WASHINGTON — Boeing’s board of directors on Friday removed its top executive from the chairmanship position in the wake of the 737 MAX safety crisis, the company announced Friday evening.

Dennis Muilenburg will continue to lead the company as chief executive officer, president and a director. David Calhoun, currently the independent lead director, was elected by the board to serve as its non-executive chairman.

The board made the decision to separate the CEO and chairman positions in order to allow Muilenburg to focus on day-to-day operations, particularly the task of returning the 737 MAX airliner to commercial service, according to a Boeing statement.

The 737 MAX has been grounded since mid-March due to two crashes — one in Oct 2018 and another in March 2019 — that resulted in the deaths of 346 people.

A report, conducted by a task force that included officials Federal Aviation Administration and other regulatory bodies and released earlier on Friday, stated that changes to the aircraft’s Maneuvering Characteristics Augmentation System were not adequately explained by Boeing, and that the FAA “lacked the expertise” to fully evaluate the system, according to the Associated Press.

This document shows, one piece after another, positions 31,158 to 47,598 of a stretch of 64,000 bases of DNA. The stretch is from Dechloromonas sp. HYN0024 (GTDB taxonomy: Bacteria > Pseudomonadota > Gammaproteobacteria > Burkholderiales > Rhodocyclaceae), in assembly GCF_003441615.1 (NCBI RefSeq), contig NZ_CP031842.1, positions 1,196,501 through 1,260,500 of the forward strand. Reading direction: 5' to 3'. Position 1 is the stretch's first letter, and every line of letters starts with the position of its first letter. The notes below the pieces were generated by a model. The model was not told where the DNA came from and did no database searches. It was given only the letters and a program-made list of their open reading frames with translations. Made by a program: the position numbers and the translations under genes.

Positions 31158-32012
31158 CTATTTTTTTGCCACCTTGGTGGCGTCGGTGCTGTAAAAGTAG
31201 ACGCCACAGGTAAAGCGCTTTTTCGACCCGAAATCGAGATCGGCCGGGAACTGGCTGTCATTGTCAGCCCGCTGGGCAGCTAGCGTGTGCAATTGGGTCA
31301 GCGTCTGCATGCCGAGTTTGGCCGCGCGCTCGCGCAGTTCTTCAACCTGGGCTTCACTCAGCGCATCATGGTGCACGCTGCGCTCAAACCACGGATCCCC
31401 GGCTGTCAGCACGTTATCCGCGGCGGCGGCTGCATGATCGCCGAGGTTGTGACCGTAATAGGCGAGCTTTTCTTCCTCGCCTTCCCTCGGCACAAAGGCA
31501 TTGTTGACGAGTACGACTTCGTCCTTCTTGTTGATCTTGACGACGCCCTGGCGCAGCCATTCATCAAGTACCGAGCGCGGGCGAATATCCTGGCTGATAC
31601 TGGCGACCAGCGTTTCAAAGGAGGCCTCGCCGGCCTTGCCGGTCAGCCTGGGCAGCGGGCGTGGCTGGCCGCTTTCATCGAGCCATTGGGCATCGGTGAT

"The board has full confidence in Dennis as CEO and believes this division of labor will enable maximum focus on running the business with the board playing an active oversight role,” Calhoun said. “The board also plans in the near term to name a new director with deep safety experience and expertise to serve on the board and its newly established Aerospace Safety Committee."

Through the Boeing statement, Muilenburg said that he supported the board’s decision and was focused on returning the 737 MAX to service.

The statement did not clarify whether the division of the chairman and CEO positions will be permanent.

Valerie Insinna is Defense News' air warfare reporter. She previously worked the Navy/congressional beats for Defense Daily, which followed almost three years as a staff writer for National Defense Magazine. Prior to that, she worked as an editorial assistant for the Tokyo Shimbun’s Washington bureau.

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